Follow latest updates in text and video on the BBC News website from 08:30

Viewers can send questions or comments to @bbclaurak on x or instagram and email kuenssberg@bbc.co.uk

Both leaders start their days at the crack of dawn.

Mr Starmer is on the phone to his top team at 06:15, who have already been planning the day.

The first call of campaign managers at Tory HQ is at 05:30.

Mr Sunak keeps going on tea, with the bag left in to make it industrial strength, and munches on cake – lemon drizzle the favourite.

Starmer chooses coffee then maybe a tea later as the day goes on. No sweet tooth and hardly any snacks for him, it seems, just an occasional bag of crisps.

Starmer headed to Gillingham on the first day of campaigning

For all their similarities, the two leaders are in totally different political positions.

Rishi Sunak has been behind and his battered party in the doldrums for months. A cabinet minister tells me “everyone accepts it is pretty unlikely we are going to win the election – it would be a heroic outcome if we can deprive them of an overall majority”.

The flip side is that every poll, every pundit, at the moment, expects that Keir Starmer will be prime minister.

Sunak starts in a pretty grim position – although in one sense it is easier to be the underdog.

For Keir Starmer, the fear is a deadly complacency that could set in. His team is insistent that they must keep fighting for the broadest possible level of support – relax or slip up, and their huge hypothetical lead could fall away.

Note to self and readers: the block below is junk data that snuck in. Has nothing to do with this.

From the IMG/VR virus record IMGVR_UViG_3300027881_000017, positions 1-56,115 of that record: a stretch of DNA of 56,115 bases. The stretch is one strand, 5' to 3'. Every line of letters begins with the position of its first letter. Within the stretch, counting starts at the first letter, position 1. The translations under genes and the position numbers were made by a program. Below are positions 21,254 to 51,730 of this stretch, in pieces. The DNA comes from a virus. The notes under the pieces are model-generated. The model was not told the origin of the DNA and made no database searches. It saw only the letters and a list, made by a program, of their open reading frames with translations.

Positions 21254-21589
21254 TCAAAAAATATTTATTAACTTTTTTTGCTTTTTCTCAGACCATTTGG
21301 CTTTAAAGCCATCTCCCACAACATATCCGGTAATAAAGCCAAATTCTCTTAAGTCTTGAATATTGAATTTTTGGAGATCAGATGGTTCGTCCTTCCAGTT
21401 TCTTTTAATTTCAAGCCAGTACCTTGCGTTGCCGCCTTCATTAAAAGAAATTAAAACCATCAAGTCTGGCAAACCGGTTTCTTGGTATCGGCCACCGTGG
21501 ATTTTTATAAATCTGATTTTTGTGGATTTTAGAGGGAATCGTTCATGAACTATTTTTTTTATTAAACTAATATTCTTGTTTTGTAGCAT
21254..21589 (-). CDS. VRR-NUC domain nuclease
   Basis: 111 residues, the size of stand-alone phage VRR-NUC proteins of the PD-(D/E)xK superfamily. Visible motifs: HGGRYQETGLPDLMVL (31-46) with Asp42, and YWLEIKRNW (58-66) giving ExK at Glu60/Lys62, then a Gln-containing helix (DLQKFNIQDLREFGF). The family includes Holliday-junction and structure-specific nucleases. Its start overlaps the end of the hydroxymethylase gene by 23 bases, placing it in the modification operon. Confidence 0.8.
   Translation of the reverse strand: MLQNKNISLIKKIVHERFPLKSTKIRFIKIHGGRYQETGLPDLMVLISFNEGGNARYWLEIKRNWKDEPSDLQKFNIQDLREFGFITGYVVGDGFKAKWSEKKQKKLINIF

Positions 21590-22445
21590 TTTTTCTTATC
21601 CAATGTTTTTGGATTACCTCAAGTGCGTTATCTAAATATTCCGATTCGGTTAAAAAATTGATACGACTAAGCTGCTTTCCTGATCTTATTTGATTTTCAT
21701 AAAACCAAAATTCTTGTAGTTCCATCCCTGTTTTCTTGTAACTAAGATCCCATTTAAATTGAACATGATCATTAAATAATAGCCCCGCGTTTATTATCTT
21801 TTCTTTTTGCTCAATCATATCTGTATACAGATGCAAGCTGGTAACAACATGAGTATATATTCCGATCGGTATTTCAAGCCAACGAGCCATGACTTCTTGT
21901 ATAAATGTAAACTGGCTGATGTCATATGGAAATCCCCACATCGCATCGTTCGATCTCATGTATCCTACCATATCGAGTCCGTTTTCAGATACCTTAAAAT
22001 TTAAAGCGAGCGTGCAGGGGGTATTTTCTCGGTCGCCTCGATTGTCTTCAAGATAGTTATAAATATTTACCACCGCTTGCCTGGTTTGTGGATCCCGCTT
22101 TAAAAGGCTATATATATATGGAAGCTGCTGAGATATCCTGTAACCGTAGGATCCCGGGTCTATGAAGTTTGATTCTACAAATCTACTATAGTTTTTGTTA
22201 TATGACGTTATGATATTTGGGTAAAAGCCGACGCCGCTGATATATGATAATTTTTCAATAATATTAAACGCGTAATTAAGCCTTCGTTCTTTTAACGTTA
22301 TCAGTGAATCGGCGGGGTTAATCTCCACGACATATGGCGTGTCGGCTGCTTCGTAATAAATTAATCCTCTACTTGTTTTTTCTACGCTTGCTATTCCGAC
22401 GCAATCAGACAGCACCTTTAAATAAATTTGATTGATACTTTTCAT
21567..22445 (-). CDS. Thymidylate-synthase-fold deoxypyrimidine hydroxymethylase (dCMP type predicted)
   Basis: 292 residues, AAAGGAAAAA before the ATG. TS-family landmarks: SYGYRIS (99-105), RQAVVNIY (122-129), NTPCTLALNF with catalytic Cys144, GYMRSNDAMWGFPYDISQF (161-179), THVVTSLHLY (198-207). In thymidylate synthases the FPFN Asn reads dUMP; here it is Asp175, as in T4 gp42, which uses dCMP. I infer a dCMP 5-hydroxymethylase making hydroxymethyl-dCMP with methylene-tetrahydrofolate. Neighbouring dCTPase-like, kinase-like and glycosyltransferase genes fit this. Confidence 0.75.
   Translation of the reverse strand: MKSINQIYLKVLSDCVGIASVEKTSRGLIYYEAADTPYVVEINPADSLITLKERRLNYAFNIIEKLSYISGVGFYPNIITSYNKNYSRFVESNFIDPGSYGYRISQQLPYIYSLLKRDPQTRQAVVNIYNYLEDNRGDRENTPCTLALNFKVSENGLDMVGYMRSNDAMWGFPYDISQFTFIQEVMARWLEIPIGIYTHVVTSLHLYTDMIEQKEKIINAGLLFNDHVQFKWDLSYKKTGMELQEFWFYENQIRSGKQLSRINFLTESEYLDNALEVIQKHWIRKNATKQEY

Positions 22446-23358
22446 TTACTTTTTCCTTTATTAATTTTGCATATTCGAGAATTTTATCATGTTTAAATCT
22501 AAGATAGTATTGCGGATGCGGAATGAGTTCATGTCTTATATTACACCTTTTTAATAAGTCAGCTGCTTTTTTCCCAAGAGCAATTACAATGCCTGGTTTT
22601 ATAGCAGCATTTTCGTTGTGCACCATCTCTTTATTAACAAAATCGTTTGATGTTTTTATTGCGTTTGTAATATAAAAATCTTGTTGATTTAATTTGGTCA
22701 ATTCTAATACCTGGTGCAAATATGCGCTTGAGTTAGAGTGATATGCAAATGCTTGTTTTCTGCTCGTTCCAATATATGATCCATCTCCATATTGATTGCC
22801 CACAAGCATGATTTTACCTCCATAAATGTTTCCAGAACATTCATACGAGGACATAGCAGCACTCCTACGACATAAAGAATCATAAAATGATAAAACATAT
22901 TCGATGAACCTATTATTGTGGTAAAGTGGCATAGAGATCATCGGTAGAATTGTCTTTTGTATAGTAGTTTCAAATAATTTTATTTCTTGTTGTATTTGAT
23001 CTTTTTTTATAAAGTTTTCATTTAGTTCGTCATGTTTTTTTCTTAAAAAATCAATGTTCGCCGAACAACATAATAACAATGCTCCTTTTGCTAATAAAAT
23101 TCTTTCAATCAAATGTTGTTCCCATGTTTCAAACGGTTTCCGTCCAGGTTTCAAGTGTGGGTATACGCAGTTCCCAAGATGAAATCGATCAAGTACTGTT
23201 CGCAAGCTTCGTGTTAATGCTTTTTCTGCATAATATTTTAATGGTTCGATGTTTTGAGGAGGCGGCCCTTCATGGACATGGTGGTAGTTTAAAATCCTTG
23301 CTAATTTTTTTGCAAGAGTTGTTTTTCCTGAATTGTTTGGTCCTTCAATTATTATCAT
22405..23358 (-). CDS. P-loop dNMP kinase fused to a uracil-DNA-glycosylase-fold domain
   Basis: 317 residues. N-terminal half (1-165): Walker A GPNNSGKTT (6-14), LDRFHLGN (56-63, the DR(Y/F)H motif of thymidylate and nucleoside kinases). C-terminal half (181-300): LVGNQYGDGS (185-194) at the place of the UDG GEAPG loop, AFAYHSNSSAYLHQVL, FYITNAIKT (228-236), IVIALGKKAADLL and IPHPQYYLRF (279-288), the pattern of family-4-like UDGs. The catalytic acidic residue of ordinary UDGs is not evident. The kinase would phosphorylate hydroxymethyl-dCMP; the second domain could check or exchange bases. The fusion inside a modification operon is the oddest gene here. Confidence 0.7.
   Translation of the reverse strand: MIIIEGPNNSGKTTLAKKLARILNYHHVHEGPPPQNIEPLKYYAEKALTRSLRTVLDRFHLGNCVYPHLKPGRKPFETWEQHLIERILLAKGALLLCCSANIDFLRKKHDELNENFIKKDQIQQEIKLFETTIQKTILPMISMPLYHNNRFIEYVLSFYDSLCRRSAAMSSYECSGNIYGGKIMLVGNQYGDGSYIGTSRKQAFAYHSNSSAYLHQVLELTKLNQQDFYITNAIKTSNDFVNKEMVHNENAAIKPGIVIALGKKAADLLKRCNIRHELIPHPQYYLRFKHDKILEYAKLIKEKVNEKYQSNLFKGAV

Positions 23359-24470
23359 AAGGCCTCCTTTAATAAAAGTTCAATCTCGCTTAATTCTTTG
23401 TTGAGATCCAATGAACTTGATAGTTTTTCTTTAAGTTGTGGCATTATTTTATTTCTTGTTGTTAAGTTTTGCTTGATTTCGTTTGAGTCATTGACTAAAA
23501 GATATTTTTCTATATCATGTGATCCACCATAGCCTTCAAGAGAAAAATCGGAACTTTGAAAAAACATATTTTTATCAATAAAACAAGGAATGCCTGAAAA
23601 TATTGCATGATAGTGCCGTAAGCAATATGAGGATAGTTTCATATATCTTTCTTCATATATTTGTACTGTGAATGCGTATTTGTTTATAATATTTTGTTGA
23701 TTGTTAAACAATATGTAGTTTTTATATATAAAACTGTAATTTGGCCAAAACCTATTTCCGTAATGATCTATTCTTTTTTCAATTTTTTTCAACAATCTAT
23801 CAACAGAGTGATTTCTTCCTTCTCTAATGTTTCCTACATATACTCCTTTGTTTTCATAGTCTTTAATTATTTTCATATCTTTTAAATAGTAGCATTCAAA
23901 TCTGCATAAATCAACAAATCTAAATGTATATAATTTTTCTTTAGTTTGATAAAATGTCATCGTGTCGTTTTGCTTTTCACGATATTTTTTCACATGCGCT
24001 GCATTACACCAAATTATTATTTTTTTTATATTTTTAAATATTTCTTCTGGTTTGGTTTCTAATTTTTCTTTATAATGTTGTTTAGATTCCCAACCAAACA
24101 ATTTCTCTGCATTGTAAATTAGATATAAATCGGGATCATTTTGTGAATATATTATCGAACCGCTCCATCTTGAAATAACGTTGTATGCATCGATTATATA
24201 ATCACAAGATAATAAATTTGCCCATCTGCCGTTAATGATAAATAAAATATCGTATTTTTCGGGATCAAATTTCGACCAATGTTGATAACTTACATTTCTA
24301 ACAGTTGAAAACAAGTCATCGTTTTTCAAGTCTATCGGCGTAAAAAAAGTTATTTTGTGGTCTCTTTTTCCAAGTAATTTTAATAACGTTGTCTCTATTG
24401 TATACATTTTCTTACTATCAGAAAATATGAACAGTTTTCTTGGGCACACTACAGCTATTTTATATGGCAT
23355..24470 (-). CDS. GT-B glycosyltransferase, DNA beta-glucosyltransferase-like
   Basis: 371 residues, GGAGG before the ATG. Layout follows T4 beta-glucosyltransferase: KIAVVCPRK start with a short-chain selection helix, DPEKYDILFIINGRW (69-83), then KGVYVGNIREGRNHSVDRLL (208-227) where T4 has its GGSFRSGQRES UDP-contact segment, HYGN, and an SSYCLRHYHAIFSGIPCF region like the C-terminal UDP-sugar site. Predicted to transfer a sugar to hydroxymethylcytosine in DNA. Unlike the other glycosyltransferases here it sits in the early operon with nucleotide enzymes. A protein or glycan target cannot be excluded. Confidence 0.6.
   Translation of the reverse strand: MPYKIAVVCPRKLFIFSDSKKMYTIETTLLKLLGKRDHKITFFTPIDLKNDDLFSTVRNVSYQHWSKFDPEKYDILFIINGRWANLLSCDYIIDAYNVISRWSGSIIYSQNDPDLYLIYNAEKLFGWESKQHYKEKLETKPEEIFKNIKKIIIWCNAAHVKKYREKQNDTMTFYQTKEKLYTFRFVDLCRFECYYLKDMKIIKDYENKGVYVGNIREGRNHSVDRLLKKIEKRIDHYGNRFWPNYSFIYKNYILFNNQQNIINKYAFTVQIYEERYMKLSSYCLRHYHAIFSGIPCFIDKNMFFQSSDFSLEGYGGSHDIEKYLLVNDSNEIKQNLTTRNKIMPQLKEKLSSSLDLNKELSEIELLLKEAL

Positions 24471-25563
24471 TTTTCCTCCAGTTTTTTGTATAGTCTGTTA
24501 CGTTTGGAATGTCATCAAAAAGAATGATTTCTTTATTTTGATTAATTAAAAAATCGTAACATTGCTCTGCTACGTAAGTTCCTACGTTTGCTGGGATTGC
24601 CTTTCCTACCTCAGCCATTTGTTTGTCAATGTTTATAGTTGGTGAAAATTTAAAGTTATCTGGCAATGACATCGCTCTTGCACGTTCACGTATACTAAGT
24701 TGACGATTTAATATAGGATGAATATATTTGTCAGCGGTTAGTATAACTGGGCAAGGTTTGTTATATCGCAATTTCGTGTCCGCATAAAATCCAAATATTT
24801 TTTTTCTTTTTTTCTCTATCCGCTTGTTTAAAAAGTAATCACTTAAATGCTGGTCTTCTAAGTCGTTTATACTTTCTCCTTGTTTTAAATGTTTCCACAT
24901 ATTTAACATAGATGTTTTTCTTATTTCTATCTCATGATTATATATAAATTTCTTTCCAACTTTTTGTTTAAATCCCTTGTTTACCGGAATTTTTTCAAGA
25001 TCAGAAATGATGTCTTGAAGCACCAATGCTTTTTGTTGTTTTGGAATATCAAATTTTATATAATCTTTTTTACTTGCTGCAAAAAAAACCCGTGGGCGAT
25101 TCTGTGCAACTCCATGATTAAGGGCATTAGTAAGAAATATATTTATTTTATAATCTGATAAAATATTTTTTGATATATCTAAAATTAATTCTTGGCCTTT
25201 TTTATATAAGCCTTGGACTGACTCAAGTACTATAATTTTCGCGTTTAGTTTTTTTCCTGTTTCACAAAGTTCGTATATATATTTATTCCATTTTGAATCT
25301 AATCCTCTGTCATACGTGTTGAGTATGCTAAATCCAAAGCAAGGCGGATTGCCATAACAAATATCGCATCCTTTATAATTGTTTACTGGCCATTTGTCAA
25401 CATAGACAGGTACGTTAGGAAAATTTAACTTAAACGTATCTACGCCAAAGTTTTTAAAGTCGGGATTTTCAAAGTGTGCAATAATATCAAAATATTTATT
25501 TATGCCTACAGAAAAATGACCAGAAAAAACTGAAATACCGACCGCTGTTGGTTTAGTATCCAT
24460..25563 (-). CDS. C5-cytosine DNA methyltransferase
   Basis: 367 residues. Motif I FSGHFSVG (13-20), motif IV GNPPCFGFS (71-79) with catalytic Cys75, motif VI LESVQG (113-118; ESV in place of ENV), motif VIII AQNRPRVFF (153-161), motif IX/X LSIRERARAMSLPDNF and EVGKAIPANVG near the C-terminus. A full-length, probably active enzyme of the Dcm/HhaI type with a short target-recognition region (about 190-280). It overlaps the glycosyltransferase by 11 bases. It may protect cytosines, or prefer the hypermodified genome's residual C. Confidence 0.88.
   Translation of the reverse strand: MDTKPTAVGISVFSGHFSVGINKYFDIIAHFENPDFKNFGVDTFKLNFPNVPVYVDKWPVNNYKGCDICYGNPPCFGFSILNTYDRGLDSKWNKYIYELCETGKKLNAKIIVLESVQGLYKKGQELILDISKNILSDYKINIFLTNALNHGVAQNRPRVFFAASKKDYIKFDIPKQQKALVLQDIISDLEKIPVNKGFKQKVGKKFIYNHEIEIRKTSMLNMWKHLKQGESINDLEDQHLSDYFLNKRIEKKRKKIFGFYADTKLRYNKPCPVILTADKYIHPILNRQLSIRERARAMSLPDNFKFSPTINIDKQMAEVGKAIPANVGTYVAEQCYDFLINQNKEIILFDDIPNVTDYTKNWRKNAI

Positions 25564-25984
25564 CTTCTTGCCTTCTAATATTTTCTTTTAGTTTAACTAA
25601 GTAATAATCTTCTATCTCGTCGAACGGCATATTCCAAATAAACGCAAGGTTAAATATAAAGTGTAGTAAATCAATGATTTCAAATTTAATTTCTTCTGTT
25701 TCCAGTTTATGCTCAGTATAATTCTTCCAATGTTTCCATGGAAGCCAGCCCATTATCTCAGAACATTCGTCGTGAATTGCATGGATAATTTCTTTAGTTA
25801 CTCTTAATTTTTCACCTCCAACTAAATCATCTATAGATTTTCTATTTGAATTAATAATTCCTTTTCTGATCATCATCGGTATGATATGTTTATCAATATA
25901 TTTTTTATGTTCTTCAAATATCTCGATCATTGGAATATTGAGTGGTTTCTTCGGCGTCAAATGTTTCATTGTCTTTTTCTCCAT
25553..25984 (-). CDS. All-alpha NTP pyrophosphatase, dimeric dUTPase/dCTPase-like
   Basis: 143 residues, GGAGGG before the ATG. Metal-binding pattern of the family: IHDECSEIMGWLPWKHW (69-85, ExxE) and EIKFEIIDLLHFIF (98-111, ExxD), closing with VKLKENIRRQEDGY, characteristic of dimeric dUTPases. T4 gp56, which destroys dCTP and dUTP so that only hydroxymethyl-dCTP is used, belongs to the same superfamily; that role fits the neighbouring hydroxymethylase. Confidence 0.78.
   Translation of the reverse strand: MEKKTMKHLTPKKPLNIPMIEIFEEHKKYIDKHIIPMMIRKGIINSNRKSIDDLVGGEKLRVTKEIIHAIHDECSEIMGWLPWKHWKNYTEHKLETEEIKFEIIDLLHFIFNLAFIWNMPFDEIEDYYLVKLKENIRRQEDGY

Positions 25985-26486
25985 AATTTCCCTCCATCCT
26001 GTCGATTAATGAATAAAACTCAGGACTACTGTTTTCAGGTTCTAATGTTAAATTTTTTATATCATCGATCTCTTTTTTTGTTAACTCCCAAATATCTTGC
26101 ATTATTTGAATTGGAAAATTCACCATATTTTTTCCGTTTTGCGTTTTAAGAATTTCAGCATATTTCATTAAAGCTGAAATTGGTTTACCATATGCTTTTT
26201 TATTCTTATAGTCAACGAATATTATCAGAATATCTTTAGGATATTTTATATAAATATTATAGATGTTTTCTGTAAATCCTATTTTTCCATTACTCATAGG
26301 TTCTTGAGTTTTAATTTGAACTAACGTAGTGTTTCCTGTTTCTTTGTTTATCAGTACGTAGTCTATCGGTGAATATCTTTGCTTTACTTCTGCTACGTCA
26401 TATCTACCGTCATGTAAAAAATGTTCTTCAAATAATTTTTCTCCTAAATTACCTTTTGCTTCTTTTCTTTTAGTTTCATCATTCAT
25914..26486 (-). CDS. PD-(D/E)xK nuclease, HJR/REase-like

The first act of the 40-day election drama has been totally different for each of them too.

Rishi Sunak has managed to chuck away his first mover advantage. The Downing Street speech in the torrential rain, a photo gaffe picturing him under an exit sign, a planned photocall where the Titanic was built, asking Welsh voters if they were looking forward to a football tournament they aren’t in.

Sunak’s photo ops have not gone smoothly

These mistakes are not his fault. But they are campaign mistakes nonetheless, giving the impression in these vital early stages that it’s all a bit of a mess.

What is also damaging are the departures of more and more Conservative MPs, including Michael Gove, who had been a prominent personal backer of Mr Sunak himself.

It’s impossible not to see the sheer numbers of Tory MPs departing as a reflection of the party’s prospects. There are whispers already about unhappiness in campaign HQ in its grand building tucked in behind Parliament Square, concern about a lack of experience in Mr Sunak’s team, and suggestions that some of the senior staffers are distracted by trying to find their own seats instead of focusing on the job they are there to do.

At Labour HQ on the other side of the Thames, it is a story of “so far, so good”. They didn’t know the election was coming on that particular day, yet their plan was conceived months back, just in case.

They had even done what looked like an election launch before it had been called, with Keir Starmer’s speech last week on the “first steps” he would take in government.

There have not yet been gaffes, dramas or campaign disasters, although it’s a long six weeks and they are highly likely to come. The test of a good campaign is what happens when things go wrong.